(19) Sunday, July 4, 2010 Brew Day

Today I am going to make a recipe from Fred Bonjour, of the AHA Governing Committee, that he posted in a thread asking, “Is a good, low ABV IPA possible?”

I weighed and crushed my grains and set up the brewery last night. First thing I need to do today is start heating the strike water.

8:43 — Strike water is heating.

The taste of Simpson’s Golden Promise is not initially sweet, but has a nice malt flavor with a slightly sweet aftertaste.

Weyermann® Light Munich has a nuttier, grainier flavor.

Castle Aromatic is much harder with an earthy flavor.

Flaked Barley is relatively tasteless. Simple flakes of starch.

Briess Caramel 20L tastes vaguely sweet.

Briess Caramel 60L tastes of darker sugars and dried fruit. Beginning to taste slightly burnt.

I got myself a stainless steel dipper. Filled to the brim it holds a quart. It has some markings, but they appear to be in random locations.

9:22 — Mashing. I believe it is 150–152°F. I took a pH reading with some litmus papers and it looks to be about 5.0. Lower than I expected. I will not make any adjustment. I will be back out later to start the sparge water heating.

Update: It could be that “pH papers are made to be used on room temperature samples.”

The hops are supposed to be:

Amount Description IBU
2.00 oz Amarillo (leaf) [9.4 %] (60 min) 72.2 IBU
1.00 oz Cascade [5.5 %] (15 min) 6.3
1.00 oz Cascade [5.5 %] (1 min) 3.9

My Amarillo are pellets, but I use a bag and I understand the gain from the pellets over the leaf and the loss from the bag over loose cancel out. They are also 8.2% alpha acid, but the recipe makes it look like the 2 ounces was the target.

My Cascade are 4.0% AA.

10:29 — Finished infusion and vorlauf and now I am lautering. Mash is not terribly clear. Tastes sweet, but not as sweet as some I have had. The temperature dropped about 5 °F during the mash. I need to learn how to do a starch test. First runnings are 19.2 Brix (1.077 SG). Only got 2.75 gallons from the mash. I expected 3.36 gallons.

10:41 — Sparging. With second runnings the batch comes to 5.75 gallons. Expected 6.71. Almost a gallon short. Second runnings are 6.8 Brix (1.027). Vaguely sweet. Combined gravity is 12.0 Brix (1.047 SG). Should be 12.7 (1.048). Sparging more to make the boil volume would only reduce the boil gravity, so I am going to go with what I have.

10:58 — Heating to boil.

Cleaning mash tun. I scooped out the spent grain into a bowl and stuck it in the fridge so it does not spoil. Gretchen plans to make a spent grain bread.

11:23 — Boiling.

11:25 — Bittering hops are in.

12:10 — Flavor hops are in, as is the immersion chiller so it has time to sanitize.

12:24 — Aroma hops are in.

12:25 — Flame out and chilling.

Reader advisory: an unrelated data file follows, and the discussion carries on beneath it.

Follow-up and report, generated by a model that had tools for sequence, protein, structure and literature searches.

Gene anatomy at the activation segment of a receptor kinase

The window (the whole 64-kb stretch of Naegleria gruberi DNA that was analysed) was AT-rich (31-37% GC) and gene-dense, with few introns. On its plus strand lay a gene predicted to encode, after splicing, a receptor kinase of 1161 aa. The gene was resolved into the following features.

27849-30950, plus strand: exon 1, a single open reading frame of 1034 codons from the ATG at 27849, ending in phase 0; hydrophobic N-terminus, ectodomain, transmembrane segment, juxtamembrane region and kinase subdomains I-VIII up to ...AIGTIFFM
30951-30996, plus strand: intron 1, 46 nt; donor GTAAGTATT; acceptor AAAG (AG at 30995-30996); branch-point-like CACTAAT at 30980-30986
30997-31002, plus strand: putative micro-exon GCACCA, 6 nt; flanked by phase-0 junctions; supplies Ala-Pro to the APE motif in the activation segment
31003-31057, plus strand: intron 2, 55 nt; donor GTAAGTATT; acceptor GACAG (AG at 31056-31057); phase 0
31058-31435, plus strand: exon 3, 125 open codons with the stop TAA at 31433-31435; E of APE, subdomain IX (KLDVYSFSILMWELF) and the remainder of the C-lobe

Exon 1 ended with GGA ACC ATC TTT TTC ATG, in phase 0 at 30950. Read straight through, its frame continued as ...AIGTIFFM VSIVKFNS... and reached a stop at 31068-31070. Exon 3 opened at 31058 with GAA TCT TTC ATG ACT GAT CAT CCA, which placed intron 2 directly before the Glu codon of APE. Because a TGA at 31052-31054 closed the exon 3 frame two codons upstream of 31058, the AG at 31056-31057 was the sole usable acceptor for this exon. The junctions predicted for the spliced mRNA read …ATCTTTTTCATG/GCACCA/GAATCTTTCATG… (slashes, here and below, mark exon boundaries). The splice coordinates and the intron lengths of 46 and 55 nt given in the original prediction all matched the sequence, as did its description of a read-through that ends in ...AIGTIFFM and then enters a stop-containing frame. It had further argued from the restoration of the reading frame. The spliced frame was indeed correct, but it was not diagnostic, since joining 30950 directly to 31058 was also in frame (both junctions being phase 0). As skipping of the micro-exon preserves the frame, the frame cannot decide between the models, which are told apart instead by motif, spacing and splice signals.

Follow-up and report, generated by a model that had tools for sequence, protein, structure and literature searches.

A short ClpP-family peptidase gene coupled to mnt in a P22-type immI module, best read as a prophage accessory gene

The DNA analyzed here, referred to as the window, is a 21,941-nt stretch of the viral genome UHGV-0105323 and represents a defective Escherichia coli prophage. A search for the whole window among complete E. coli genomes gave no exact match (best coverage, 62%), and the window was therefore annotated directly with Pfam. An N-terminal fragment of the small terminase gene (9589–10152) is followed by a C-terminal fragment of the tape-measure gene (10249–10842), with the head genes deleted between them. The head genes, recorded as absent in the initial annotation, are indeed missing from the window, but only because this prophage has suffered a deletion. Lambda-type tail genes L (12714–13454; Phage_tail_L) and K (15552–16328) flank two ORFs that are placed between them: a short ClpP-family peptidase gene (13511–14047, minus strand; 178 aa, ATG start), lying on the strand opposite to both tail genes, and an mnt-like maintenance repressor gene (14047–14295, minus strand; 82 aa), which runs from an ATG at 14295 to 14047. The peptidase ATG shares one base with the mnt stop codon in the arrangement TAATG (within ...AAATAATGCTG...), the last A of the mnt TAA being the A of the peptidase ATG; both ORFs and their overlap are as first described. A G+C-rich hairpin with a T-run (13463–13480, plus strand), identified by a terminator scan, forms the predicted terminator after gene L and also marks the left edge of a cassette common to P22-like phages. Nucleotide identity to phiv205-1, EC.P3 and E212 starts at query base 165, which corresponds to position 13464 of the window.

1:05 — I have given up on chilling. By the way, it helps to turn on the water at the tap. I cannot get the wort below 80 °F. The ground water appears to be about 75 °F. I could be fighting the air temperature and the sun on the garden hose. I am transferring to the carboy and I will chill it further in the refrigerator. Original gravity is 14.5 Brix (1.057 SG). Target was 1.048.

I see now that when I was deciding whether to sparge more I looked at the original gravity, not the boil gravity. The boil gravity should have been 1.041. Since I do not know the volume, I cannot calculate the amount of water to add to fix it. My record stands unbroken!

5:00 — The wort has chilled to about 69 °F, I am going to call it. Pitched the yeast. I rehydrated it in a zip lock bag — something John Palmer recommended in a recent podcast. It worked well and the baggie smelled of peaches when I opened it. The carboy is sitting in the coldest corner of the basement — about 61 °F — with an airlock attached. Everything is cleaned and drying on the porch. The animals are fed and now it is time to grill some pork chops for dinner.

Happy 4th of July everybody!

Update — It is 5:44 a.m. on Tuesday (7/6). Beer is fermenting actively. Temperature is 72 °F. This one could be fruity!

Update — It is Wednesday (7/7). Beer temperature is 75 °F. This is going to be rocket fuel. =(

Update — It is Saturday (7/24). Beer temperature is 74 °F. Bottling with 4 ounces of corn sugar. There is just about 4 gallons of beer. Surprisingly, it does not taste awful. Final gravity is 6.8 Brix (1.008 FG).That seems kind of low, but maybe the insane fermentation temperatures helped it along. That works out to 6.6% ABV and 187 Calories.

Update — It is Saturday (7/31). I put one bottle in the refrigerator yesterday to check the carbonation progress. I just sampled it. It is carbonated. It pours a hazy, turbulent cascade of bubbles with a thick creamy head. It is light copper in color. It has a nice balanced aroma with a mix of citrus hops and beery malt. It is smooth on the tongue with a chewy mouthfeel. Flavor is balanced, as well, with a lasting bitter aftertaste. No sign of any of the off flavors or aromas I expected. Based on how much I messed up this batch, I am surprised it is even drinkable. Now I wonder if I ever try again and get it right, whether I will be disappointed that it does not taste like this one.

If there is anything to learn from this, it is that no matter what you do, you will make beer. It may not be what you were planning, but it will be beer. Relax. Don’t worry. Have a home brew.

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